Dramatic physical changes are seen during adolescence. According to Erikson, adolescents are very concerned with their appearance and when suffering from cystic fibrosis they may have a poor appetite, which will affect their physical growth and development. Informing adolescents that maintaining a healthy diet will help them with their appearance will encourage them to eat more. “The benefits of maintaining good nutrition in regard to long-term survival and lung health cannot be overstated” (O’Sullivan & Freedman, 2009, p. 1899). The mucus from the CF can block the body from absorbing nutrients from food. Explain to the teenager that eating a lot of calories is part of living. Fortunately, most popular foods are also high in calories. The trick is to still eat healthy food with high protein, vegetables, fruits and dairy. Let the teens invite their friends over for snacks or meals. It will make getting calories more fun with friends. Supplements such as pancreatic enzymes are encouraged for those patients with less than optimum growth.
There are many types of treatments for cystic fibrosis. The focus for treatments is to keep the lungs clear and infection free. Antibiotics are often used to help treat and prevent the onset of lung infections. Bronchodilators are used to keep the airway clear by helping the muscles located around the bronchial tubes to relax. Breathing devices are also used to help exercise and strengthen the lungs. Sometimes surgical procedures may be necessary to help clear the airway and improve breathing. Procedures such as an endoscopy and lavage can be performed to suction out excessive mucus build up.
Evaluation of Nursing Interventions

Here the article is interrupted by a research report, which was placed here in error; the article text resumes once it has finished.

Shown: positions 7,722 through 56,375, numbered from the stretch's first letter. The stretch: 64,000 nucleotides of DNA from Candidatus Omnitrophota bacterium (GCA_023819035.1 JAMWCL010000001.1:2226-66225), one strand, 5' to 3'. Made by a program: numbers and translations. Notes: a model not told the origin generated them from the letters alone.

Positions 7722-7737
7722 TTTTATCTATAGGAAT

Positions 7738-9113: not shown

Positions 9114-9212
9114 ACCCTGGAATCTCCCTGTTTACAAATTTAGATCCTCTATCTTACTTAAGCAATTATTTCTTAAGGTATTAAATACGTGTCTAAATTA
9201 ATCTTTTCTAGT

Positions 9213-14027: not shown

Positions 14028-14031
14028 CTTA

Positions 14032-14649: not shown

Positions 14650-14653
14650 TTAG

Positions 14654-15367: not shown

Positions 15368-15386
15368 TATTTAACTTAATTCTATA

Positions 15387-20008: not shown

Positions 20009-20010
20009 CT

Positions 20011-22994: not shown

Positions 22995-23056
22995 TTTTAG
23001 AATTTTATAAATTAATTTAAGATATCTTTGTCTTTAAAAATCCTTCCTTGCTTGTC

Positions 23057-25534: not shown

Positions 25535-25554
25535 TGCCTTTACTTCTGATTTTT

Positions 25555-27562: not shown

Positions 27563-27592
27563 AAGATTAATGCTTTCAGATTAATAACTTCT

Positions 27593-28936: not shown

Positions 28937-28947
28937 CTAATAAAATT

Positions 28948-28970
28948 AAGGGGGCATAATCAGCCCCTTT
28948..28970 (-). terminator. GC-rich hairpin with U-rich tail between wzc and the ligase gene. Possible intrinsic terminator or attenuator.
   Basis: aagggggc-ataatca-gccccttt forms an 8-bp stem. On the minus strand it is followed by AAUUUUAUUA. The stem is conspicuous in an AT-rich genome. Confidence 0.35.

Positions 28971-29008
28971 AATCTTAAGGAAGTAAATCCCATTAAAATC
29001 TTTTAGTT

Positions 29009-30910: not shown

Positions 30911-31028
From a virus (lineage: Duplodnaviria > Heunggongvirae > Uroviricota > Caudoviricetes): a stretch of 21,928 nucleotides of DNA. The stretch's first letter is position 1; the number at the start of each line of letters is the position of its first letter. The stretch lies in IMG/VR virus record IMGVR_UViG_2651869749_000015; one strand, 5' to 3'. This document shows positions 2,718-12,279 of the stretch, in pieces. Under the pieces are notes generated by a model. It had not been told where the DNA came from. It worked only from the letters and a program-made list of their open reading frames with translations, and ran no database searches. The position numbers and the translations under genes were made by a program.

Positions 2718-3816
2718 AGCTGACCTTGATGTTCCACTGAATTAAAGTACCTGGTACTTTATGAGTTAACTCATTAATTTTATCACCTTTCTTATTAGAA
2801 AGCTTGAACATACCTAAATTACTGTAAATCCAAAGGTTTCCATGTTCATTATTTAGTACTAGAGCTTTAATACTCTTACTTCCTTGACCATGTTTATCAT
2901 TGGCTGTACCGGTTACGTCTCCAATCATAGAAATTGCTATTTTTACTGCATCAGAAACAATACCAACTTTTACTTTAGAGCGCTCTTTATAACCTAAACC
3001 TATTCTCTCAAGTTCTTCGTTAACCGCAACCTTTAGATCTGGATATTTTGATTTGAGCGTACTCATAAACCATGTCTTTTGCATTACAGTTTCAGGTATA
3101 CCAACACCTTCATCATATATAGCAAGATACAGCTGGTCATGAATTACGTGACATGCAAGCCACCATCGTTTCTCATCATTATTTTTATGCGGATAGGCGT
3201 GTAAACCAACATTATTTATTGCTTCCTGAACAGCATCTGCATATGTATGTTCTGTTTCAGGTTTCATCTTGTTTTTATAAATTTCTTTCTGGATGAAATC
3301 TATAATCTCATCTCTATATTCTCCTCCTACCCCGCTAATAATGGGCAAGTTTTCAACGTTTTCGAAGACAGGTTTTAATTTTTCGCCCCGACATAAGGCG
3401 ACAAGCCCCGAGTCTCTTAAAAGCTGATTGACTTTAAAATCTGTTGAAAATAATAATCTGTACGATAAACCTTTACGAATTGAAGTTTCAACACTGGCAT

There are ways to evaluate the nursing intervention when taking care of adolescents with cystic fibrosis. At each physical exam, the height and weight should be measured including calculating their body-mass index (BMI). By doing this regularly, the nurse can access if there is a decrease in BMI or stunting of growth and if necessary provide the adolescent with nutritional counseling. Good nutritional well-being has a positive correlation with good healthy lungs in cystic fibrosis. If the nutritional status is poor, supplements should be strongly considered. Patients with pancreatic insufficiencies need supplements such as pancreatic enzymes. CF patients have difficulty digesting foods due to thick mucus that can clog the ducts of the pancreas creating poor digestion. Pancreatic enzymes helps digest and absorb the food in patients with CF. When CF adolescents get hospitalized, nurses need to find out how much physical activity they participate in or how often they incorporate exercises into their daily routines. Identifying the barriers and communicating with the CF team to find ways to help the individual in promoting an active life style into their daily routines helps decrease hospitalization. Nurses need to identify ineffective communication. In order to improve the ability to communicate, nurses need to educate and increase the knowledge of multiple needs of the adolescents with CF. Providing reassurance enhances communication and understanding regarding their fears and anxieties. Having a team approach allows the adolescent to communicate about specific problems. Members of a multidisciplinary CF team include doctors, physiotherapists, dieticians, social workers, and nurses.